Creating (Healthy) Workplace Conflict

A recent study by Psychometrics Canada of 350 human resources professionals confirms that workplace conflict is ubiquitous. The study reports that the “most common causes of conflict are warring egos and personality clashes (86%), poor leadership (73%), lack of honesty (67%), stress (64%), and clashing values (59%).”

Violations of norms of civility and respect are negative forms of conflict that beg for immediate corrective action. The report suggests that leaders should quickly address toxic behavior by increasing supervision of problem personnel, providing additional clarity about expectations and modeling appropriate behavior. These findings are obvious but not always given sufficient management attention.

Healthy Workplace Conflicts Contributes to Improved Outcomes


Even more interesting was that 87% of survey respondents believe that conflict can lead to positive outcomes such as

  • Better understanding of others
  • Better solutions to problems
  • Improved working relationships
  • Higher performance in teams
  • Increased motivation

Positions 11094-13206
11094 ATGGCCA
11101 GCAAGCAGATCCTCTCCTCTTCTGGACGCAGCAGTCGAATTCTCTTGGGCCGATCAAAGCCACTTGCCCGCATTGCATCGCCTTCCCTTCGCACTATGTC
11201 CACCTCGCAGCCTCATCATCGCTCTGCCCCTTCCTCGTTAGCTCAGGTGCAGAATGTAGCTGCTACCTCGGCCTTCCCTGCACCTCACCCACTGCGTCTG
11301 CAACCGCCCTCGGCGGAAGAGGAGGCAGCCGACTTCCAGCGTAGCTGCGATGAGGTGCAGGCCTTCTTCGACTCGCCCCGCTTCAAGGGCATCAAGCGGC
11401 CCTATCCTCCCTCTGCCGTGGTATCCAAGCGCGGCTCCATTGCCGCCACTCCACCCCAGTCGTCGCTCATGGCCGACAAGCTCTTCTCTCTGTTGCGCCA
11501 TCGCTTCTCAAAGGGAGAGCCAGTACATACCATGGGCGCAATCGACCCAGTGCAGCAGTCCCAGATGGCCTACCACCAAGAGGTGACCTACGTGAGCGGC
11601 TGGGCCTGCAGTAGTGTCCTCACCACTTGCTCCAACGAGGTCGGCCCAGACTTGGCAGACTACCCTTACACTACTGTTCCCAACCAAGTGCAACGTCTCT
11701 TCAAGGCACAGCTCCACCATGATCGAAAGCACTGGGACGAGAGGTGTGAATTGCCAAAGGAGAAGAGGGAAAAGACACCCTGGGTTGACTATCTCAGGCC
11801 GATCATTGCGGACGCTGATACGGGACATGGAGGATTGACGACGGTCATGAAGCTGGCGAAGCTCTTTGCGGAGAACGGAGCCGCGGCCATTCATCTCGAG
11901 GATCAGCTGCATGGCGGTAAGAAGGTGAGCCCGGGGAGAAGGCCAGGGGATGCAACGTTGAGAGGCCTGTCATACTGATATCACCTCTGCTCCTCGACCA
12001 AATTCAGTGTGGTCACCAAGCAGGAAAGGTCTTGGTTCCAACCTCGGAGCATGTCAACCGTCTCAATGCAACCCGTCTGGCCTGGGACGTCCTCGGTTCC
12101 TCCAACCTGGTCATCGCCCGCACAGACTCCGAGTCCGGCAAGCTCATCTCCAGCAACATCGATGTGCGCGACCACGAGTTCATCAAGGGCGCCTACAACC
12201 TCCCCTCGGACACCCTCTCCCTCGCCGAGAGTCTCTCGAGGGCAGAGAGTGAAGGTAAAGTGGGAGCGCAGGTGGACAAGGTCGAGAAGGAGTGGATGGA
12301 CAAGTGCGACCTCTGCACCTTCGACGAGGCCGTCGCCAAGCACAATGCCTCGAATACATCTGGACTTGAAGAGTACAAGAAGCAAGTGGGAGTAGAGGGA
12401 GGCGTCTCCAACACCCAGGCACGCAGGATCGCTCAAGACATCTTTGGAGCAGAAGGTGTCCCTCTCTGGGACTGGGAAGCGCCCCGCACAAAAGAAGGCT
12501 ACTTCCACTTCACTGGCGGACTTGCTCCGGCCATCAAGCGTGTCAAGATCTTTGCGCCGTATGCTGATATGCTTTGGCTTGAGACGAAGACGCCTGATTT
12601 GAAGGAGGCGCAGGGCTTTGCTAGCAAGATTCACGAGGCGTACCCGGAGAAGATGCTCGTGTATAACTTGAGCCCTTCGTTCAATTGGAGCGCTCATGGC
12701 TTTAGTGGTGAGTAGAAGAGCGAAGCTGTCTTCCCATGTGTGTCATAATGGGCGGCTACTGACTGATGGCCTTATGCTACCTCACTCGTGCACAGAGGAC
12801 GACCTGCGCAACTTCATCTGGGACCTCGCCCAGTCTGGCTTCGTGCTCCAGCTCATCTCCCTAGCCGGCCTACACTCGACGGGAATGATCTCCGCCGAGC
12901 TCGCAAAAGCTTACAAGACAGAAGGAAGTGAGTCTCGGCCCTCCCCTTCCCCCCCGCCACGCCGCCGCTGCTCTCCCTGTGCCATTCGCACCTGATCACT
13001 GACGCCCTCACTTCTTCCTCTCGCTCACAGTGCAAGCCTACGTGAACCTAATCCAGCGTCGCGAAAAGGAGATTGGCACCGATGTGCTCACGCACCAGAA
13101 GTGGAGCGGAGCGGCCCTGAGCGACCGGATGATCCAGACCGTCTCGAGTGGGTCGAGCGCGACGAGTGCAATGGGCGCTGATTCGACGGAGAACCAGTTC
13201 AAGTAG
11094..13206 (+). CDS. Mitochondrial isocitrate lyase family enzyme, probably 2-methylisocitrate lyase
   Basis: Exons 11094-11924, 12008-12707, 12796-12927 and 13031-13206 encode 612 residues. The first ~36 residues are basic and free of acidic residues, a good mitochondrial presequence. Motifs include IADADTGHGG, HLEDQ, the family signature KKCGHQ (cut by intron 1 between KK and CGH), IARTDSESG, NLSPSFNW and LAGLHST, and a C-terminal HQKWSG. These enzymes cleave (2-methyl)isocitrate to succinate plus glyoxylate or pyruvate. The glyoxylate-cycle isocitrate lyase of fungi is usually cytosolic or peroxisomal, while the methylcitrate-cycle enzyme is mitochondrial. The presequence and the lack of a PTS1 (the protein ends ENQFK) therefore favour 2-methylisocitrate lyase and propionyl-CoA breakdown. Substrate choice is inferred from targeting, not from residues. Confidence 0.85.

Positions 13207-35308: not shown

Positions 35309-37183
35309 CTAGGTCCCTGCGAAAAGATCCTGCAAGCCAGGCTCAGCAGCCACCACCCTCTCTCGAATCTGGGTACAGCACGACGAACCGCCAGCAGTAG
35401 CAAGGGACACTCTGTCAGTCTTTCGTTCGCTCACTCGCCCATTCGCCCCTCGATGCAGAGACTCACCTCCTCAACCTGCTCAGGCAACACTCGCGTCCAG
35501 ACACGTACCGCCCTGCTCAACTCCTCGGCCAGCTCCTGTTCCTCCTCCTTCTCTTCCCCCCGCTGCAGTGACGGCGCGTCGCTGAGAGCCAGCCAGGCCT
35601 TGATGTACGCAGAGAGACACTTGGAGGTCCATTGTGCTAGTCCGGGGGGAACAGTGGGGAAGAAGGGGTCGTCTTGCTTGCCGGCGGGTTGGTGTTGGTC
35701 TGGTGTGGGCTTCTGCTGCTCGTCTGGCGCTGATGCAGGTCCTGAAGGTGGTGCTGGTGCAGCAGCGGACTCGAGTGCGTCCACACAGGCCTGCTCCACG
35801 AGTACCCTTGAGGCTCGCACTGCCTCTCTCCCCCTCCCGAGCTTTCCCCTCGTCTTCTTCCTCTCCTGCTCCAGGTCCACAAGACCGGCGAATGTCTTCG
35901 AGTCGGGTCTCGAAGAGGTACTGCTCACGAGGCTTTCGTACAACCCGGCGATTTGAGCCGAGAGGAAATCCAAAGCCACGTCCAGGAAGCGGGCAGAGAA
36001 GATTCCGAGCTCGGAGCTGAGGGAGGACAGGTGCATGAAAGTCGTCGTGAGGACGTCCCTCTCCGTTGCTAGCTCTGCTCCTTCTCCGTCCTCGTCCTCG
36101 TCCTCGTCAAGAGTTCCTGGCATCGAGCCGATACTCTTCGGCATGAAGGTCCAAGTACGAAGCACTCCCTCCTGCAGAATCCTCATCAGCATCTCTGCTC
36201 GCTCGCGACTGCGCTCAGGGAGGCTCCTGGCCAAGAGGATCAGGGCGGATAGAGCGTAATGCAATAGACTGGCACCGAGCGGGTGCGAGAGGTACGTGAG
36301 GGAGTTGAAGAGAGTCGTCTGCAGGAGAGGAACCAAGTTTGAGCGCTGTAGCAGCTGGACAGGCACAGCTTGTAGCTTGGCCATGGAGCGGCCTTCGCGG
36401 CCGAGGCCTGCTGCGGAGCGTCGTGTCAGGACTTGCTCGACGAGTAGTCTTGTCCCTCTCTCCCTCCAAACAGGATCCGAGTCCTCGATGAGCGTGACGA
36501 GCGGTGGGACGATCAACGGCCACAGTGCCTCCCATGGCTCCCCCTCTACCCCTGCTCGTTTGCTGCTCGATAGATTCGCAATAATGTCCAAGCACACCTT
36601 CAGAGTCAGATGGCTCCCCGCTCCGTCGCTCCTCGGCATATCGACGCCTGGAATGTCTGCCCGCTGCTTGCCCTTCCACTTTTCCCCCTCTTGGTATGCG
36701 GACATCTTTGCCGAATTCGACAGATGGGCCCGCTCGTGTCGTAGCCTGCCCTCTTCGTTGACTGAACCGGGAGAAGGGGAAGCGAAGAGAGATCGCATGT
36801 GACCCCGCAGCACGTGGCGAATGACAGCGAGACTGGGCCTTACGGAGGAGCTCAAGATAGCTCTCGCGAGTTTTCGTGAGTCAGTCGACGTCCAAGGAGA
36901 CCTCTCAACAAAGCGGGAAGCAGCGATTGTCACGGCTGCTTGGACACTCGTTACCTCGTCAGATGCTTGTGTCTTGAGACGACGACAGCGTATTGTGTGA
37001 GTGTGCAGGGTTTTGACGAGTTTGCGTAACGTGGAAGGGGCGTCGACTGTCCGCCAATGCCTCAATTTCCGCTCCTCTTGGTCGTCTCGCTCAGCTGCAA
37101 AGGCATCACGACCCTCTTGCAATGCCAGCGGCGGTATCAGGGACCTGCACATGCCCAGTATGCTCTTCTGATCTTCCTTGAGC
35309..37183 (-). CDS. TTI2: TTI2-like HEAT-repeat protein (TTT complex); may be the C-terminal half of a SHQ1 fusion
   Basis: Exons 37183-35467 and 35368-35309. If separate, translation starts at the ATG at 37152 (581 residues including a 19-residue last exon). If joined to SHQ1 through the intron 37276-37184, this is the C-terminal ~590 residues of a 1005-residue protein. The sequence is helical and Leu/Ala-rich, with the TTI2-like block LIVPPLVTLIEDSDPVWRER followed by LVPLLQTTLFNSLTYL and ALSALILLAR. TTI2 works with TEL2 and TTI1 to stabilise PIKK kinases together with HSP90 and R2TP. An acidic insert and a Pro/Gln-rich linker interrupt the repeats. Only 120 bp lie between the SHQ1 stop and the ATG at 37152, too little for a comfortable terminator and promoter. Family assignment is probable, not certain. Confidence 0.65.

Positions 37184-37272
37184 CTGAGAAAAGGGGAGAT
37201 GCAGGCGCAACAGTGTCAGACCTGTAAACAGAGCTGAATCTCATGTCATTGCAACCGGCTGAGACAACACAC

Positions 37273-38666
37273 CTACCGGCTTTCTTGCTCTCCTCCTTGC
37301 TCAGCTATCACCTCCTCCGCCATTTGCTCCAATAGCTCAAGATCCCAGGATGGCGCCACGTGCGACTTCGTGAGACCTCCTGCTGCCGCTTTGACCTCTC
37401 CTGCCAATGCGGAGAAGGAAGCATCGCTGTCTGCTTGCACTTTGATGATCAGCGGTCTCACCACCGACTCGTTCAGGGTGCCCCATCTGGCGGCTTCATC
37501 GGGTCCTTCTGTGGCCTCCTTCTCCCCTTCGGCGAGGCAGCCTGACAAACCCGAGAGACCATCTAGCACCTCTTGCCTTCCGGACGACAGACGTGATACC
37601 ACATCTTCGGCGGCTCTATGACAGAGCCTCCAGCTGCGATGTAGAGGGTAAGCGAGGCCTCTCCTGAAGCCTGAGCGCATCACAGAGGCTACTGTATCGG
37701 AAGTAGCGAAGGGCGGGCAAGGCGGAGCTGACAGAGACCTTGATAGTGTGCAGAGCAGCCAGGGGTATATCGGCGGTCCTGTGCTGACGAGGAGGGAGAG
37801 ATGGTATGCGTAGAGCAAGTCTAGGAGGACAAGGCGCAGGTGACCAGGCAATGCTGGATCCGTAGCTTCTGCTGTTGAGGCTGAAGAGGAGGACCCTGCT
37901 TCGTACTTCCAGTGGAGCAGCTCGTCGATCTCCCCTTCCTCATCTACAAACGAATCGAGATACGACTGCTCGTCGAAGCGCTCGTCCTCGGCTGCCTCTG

• Major innovations

I can’t agree more. When there is clear evidence to multiple people in the organization that things are off course or sub-optimal, conflict is a powerful tool to focus collective attention on the root cause and inspire improvements. The key is to focus on the evidence and potential solutions, not the personalities or behaviors.

While it’s easy to talk about the benefits of conflict, leading teams to embrace conflict, generate positive outcomes and avoid personal attacks is extremely difficult. The report concludes with several useful techniques for managing conflict such as understanding the situation in detail before acting and remaining positive amidst problems.

Thanks to the team at Psychometrics Canada for it’s insightful research on the beneficial aspects of conflict.